Philippines telephone tokens
The earliest telephone operators in the Philippines were Eastern Extension Australasia, the favourite of the Spanish administration, and China Submarine Telegraph company, that wanted to link Manilla with London. China Submarine Telegraph was the property of Scottish telecom baron John Pender. Another Pender company, Telcon, supplied the cable. With the US conquest, the license to operate went to The Philippine Islands Telephone and Telegraph Company, a US-owned company that started operations in 1905 in Manila. In 1928, this company merged with the remaining local telegraph companies to form the Philippine Long Distance Telephone Company (PLDT). PLDT issued the sole Philippino telephone token. In the second world war, the telephone infrastructure suffered very heavy damage, due to destruction by the Japanese army. It took until 1953 to bring back service to pre-war levels.
After independence in 1964, the dominant share of PDLT equity was in the hands of General Telephone and Electric Corporation, a US based company. In 1967, GTE sold its interest in PLDT to the privately owned Philippines Telecommunications Investment Corporation. In the Marcos era, PLDT was nationalised in 1970. It became a state monopoly in 1981, although it held what amounted to a de facto monopoly long before. After the overthrow of Marcos, PLDT was re-privatised in 1986, but it remained a de facto monopoly. PLDT lost its monopoly position in 1995. In 2016, the company was re-named PLDT Inc. Hong Kong-based First Pacific Company Ltd. has a controlling interest in the company.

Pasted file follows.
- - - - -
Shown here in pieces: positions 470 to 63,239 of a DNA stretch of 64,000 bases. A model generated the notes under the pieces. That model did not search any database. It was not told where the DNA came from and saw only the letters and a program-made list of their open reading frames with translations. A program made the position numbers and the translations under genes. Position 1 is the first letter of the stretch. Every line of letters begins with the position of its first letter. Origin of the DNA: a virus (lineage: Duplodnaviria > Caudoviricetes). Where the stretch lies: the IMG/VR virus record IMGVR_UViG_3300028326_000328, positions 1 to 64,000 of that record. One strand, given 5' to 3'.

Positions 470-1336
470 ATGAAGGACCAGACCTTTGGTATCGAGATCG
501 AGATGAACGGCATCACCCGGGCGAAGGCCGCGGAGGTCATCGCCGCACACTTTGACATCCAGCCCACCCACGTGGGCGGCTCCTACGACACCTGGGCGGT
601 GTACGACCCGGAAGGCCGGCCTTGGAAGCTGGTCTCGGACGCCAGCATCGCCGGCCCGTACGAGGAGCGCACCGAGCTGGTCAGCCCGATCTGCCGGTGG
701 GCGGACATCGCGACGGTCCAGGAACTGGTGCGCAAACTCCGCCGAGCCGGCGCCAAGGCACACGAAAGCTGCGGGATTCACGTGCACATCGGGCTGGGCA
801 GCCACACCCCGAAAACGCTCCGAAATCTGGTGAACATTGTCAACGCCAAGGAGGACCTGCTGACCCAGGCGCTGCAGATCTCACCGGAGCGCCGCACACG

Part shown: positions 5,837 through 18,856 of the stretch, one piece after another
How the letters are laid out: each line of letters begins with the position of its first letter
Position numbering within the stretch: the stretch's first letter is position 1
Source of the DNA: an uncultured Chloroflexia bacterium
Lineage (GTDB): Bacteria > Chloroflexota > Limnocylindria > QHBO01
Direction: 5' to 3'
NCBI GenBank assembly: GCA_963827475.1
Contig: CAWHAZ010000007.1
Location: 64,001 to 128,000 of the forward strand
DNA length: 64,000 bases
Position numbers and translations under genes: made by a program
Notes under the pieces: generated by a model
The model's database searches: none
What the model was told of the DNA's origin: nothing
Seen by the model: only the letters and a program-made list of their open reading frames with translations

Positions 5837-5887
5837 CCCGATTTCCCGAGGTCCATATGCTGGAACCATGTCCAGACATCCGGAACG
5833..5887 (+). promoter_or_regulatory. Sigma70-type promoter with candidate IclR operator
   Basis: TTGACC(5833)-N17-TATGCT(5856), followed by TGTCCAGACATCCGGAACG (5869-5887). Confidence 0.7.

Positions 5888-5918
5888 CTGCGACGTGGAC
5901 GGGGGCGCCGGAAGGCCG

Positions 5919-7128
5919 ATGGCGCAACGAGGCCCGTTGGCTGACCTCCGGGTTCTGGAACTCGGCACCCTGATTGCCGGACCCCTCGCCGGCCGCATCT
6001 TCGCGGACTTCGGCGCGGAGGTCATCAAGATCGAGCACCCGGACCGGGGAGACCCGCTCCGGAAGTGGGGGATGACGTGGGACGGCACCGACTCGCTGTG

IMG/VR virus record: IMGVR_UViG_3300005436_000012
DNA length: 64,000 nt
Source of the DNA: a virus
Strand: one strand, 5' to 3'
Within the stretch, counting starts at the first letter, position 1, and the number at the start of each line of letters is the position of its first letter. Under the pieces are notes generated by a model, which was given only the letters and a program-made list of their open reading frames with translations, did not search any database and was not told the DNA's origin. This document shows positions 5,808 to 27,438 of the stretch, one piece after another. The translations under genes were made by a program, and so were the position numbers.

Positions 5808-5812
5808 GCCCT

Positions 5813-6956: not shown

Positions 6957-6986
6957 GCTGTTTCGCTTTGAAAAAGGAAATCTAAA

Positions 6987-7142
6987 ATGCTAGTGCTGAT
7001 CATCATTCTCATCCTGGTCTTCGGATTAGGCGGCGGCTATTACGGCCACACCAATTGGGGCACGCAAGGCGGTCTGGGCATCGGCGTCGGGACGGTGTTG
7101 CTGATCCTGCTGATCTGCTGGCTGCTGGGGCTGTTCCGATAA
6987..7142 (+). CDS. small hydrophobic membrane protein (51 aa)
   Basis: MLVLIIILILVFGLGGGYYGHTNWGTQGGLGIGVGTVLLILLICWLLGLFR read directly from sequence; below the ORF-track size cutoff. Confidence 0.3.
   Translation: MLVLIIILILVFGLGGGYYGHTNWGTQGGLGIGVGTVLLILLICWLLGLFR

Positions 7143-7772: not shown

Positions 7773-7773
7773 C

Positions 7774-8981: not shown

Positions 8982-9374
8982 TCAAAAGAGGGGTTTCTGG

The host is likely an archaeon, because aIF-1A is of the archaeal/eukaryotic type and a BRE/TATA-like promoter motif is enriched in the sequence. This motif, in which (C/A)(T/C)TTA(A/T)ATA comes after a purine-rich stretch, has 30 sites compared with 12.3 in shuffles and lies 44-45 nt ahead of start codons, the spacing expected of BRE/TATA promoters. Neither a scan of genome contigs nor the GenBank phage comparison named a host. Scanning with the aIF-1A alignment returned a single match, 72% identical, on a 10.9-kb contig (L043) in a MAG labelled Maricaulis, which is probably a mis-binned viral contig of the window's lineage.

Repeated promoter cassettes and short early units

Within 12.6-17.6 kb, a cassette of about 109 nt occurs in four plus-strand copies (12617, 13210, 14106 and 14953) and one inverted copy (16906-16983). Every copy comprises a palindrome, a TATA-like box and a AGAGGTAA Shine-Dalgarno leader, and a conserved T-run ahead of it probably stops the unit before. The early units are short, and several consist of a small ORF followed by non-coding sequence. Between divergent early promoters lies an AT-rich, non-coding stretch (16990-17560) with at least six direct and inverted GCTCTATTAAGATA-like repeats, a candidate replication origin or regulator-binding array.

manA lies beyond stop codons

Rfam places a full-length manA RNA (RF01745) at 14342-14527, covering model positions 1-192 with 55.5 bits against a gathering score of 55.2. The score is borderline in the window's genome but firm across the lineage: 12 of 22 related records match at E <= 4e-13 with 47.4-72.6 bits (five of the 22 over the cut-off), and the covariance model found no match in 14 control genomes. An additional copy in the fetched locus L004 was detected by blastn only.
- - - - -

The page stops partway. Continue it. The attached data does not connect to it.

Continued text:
|Philippines telephone tokens|
|Side 1||Telephone and • PHIL. LONG DISTANCE • TELEPHONE CO.|
|Side 2||1 and • GOOD FOR • LOCAL CALL and NO CASH VALUE|
|Side 1||Public telephone and PLDT|
|Side 2||Geometric pattern|